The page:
Instilling a love of reading in a child is quite possibly the most pleasurable part of parenting, but there’s a caveat: You have to find the right books.
For my son, that early literacy was fostered via a singular author: Oliver Jeffers. The Irish-born, Brooklyn-based writer and illustrator has a talent for juxtaposing bold and beautiful painted pictures with observational, humor-filled storytelling. From the moment my son was born, our bookshelves were punctuated with so many of his classics like Stuck, Here We Are, What We’ll Build and How to Catch a Star, not to mention the famous series he illustrated, The Day the Crayons Quit.
This month, I got to sit down with Jeffers to hear about his new book for adults and kids called Begin Again, which offers a brief and colorful history of humanity.
And while I had him, I had to ask: As a writer and dad of two, what are his at-home tactics for fostering a love of reading in children?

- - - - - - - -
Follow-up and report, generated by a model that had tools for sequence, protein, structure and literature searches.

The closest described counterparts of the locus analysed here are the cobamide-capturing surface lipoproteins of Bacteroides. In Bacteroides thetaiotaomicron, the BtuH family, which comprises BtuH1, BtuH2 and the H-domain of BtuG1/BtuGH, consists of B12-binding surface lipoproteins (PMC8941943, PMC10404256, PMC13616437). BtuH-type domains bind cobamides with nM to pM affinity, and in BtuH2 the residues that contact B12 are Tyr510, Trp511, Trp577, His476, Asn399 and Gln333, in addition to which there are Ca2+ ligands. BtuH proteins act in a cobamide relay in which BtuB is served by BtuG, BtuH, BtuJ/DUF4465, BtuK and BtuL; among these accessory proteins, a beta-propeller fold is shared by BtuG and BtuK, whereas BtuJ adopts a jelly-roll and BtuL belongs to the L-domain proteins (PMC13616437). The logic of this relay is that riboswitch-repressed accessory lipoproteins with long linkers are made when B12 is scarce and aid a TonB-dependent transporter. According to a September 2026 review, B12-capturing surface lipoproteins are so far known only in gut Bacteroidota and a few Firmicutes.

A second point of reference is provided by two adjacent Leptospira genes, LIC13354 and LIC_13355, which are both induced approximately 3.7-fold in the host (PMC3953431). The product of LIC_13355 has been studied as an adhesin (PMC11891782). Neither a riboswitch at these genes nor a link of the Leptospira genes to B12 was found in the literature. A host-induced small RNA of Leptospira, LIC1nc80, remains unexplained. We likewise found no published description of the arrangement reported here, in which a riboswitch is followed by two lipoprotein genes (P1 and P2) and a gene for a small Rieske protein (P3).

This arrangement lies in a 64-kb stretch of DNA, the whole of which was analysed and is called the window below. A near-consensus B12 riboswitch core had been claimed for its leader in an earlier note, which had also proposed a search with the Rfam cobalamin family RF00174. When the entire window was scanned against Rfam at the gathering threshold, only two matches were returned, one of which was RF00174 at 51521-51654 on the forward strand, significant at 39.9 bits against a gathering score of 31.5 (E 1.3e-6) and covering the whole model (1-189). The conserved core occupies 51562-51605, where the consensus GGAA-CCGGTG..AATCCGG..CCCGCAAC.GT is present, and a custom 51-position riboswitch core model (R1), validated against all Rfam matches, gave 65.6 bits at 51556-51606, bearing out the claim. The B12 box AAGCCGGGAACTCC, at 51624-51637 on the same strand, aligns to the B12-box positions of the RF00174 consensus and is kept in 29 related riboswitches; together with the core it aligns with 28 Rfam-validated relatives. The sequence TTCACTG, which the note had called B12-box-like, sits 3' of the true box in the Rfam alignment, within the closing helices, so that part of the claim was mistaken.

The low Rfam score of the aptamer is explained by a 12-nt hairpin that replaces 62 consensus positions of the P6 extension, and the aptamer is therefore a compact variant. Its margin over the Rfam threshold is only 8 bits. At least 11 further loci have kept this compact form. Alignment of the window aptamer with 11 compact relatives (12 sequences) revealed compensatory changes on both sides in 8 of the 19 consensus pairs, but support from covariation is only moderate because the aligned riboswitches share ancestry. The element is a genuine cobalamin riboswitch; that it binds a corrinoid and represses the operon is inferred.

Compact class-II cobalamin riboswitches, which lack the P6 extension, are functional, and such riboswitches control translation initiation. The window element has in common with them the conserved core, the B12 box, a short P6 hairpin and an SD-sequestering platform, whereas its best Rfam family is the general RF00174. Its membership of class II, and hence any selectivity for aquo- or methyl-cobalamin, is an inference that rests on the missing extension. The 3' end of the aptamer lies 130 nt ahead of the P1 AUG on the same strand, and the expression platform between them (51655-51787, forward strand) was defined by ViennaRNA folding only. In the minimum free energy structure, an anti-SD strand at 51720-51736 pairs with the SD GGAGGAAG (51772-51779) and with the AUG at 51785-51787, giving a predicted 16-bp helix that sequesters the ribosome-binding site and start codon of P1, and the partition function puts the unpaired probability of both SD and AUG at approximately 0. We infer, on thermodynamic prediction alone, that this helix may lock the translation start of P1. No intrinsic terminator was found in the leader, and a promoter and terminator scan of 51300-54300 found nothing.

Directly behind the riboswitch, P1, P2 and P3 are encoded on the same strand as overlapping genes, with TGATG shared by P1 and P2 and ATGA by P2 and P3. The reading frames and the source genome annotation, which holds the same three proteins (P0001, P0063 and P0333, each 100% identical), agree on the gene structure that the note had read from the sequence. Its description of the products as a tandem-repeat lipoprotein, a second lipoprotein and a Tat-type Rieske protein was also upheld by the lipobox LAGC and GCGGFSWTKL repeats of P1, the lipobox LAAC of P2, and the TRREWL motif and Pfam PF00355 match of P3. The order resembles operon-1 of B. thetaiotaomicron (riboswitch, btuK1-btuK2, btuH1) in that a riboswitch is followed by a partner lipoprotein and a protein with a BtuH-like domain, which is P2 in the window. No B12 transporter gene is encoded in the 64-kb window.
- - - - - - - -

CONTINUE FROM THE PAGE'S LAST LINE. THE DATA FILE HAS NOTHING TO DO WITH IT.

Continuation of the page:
“It’s simpler than you might think,” Jeffers says. “I really lead through example. My kids see me reading all the time and that resonates. I also choose stories for them as wisely as I can, so I know the books we read are ones that they’re going to enjoy.”
Jeffers also suggests doing what you can to take the pressure off. “Consistency helps, but that doesn’t mean creating a disciplined routine,” he explains. That removes the joy and fun. “It’s more about creating shared moments where you bond while reading together that instills that early love.”
As for books and bedtime routines, Jeffers says that this is also one of the best moments to read together, but he’s mindful of setting boundaries on “one more book” requests from his kids. “You can tell the difference, depending on the ask,” he says. “Sometimes they just want to stay up later, but if it’s a moment where they really are enjoying story and they don’t want to end at a particular chapter, then it’s like, ‘Alright, we’ll go a bit longer.’ You have to feel it out.”